American Outdoor Guide|September 2021
Jim Cobb

Not every threat requires a deadly response. Nevertheless, we might need something to help “even the odds,” so to speak, and give us some degree of control over the situation. Rather than going hands-on, if we can keep our distance, so much the better.

Pepper spray has been one of the go-to options in this regard for quite some time. It works well in many applications, especially if you opt for the streaming delivery model rather than a fog or mist. However, you might sometimes need an even more direct approach.

Thus, the PepperBall was born!

The PepperBall is a small sphere filled with PAVA pepper powder. When launched, it strikes an attacker with enough force to shatter the plastic coating, releasing the powder in a cloud that will hopefully envelop the person.

The company that manufactures PepperBall ( sent me two devices to test and evaluate: the MOBILE Kit and the COMPACT launcher.


The larger of the two products is the MOBILE Kit. It comes with a launcher, a dozen practice rounds, six PepperBall rounds and three CO2 cartridges. The launcher can hold up to three rounds and fires them one at a time.

The package advertises that this device will launch projectiles upward of 40 feet. It also states that it will provide a 12-foot “pepper irritant cloud,” in addition to forceful-impact stopping power.


My first impression was that this is a fairly large piece of equipment. It weighs 1.4 pounds and runs 9 inches from end to end. The shape reminds me of a flashlight—albeit one with sort of a spotlight-shaped head. To be honest, I felt it was bulky and a bit cumbersome the first time I picked it up.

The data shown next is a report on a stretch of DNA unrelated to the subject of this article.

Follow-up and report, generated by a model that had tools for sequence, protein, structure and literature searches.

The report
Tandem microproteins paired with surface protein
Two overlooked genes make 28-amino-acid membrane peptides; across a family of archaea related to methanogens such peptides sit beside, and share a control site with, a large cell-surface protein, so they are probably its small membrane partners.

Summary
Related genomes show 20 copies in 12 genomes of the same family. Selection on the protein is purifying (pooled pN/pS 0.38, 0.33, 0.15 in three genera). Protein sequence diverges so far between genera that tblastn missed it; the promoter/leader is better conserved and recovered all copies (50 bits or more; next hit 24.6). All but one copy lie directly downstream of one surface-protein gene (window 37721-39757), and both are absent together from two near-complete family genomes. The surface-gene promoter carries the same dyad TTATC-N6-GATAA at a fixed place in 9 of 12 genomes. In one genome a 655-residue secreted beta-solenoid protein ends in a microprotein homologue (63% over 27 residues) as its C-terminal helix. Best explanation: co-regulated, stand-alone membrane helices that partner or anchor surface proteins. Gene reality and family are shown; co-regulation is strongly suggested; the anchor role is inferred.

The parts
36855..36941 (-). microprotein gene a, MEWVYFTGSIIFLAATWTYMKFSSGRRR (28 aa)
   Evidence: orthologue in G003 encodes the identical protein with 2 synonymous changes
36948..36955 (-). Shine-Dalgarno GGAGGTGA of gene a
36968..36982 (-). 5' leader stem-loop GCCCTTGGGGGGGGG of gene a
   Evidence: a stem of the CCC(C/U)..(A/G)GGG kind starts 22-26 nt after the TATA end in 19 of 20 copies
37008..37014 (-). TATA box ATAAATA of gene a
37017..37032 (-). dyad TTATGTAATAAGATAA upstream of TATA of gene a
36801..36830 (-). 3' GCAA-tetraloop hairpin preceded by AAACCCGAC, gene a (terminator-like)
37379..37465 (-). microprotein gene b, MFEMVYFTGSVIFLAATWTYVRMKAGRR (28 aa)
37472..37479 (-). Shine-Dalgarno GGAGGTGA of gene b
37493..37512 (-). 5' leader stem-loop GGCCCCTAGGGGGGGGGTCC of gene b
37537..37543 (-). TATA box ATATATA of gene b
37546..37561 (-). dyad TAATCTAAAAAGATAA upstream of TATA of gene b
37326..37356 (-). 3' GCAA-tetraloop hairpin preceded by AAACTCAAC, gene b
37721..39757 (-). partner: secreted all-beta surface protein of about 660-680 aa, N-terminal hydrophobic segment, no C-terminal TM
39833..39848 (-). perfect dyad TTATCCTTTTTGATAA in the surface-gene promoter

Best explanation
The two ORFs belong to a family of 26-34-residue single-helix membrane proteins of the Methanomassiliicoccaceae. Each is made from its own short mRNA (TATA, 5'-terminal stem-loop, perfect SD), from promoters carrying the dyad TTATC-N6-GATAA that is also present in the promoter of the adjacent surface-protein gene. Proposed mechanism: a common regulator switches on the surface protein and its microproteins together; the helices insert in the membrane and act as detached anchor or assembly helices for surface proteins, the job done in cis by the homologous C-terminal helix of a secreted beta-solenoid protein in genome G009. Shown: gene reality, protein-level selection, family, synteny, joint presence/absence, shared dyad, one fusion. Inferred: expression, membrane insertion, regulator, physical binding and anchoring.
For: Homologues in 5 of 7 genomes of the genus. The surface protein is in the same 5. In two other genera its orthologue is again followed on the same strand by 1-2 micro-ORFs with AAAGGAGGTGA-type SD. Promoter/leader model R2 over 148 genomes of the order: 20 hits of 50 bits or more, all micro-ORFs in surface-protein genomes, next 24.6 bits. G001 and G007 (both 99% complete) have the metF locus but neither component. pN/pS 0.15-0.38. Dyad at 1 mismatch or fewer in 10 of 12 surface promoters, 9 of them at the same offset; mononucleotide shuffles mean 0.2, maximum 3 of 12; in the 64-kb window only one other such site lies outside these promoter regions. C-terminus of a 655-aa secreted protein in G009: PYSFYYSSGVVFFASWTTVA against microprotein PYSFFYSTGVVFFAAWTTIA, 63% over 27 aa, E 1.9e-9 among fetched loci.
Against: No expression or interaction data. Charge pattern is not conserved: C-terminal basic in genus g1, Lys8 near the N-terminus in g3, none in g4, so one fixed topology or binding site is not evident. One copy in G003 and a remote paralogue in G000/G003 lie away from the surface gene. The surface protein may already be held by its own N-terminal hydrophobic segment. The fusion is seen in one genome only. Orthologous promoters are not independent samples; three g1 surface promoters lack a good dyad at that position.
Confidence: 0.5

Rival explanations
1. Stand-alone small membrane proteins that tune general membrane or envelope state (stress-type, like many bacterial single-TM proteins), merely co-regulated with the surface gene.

The projectiles, themselves, are .68 caliber, or about the size of marbles. The purple ones are inert and made of hard plastic. While they can be used for practice as you perfect your aim, I found they would pack quite a punch if used against someone. The red ones are live PepperBalls. Both the purple and red projectiles are packaged six to a tube, and the tubes are prominently labeled.

The launcher is equipped with two LED lights—one on each side of the launcher’s face—providing a stated 350 lumens. It also has a red laser aiming system. The light and the laser are both powered by three AAA batteries, which are included. There’s a small, white tab that prevents the batteries from draining; it’s removed before the device can be used. To replace the batteries, it’s a simple matter of sliding the battery door off to access them. However, batteries aren’t needed to actually fire the weapon, because that operation is gas-powered.



• MOBILE Launcher with dual-beam flashlight and laser

• (6) Live SD PepperBall projectiles

• (12) inert practice projectiles

• (3) 8-gram CO 2 cartridges

• (3) AAA batteries

MSRP: $199.99

MOBILE Refill Kit


• (12) Live SD PepperBall projectiles

• (12) inert practice projectiles

• (4) 8-gram CO 2 cartridges

MSRP: $39.99


Loading the MOBILE launcher is a two-step process, involving the projectiles, as well as a CO2 cartridge.

Before doing anything, ensure the launcher is set to “safe.” There are three openings on the front of the launcher. The launch chamber is in the middle. Above is where the CO2 cartridge is inserted. Unscrew the cap and slide the cartridge in, with the narrow tip going in first, and then replace the cap by screwing it down tightly. To load the projectiles, unscrew the bottom cap and roll them in. Then, screw the cap on. It’s all very simple and easy.

A good friend of mine has been a law enforcement officer for more than 30 years. He was interested in helping me test these products, so we loaded up and headed over to a private range. (For documentation purposes, it was about 70 degrees [F], partly sunny, and there was a slight, but fairly steady, breeze of about 10 mph.)

We reviewed the instructions one more time and then carefully loaded the MOBILE launcher with three inert practice projectiles. Moving the safety from “safe” to “fire” activates the laser automatically. I took aim on a plastic barrel and depressed the trigger button.

At first, it seemed as though nothing was going to happen; but I discovered you have to press fairly hard to fire the weapon. When it fired, it did so with authority, and it emitted a loud snap! as the round was shot out.

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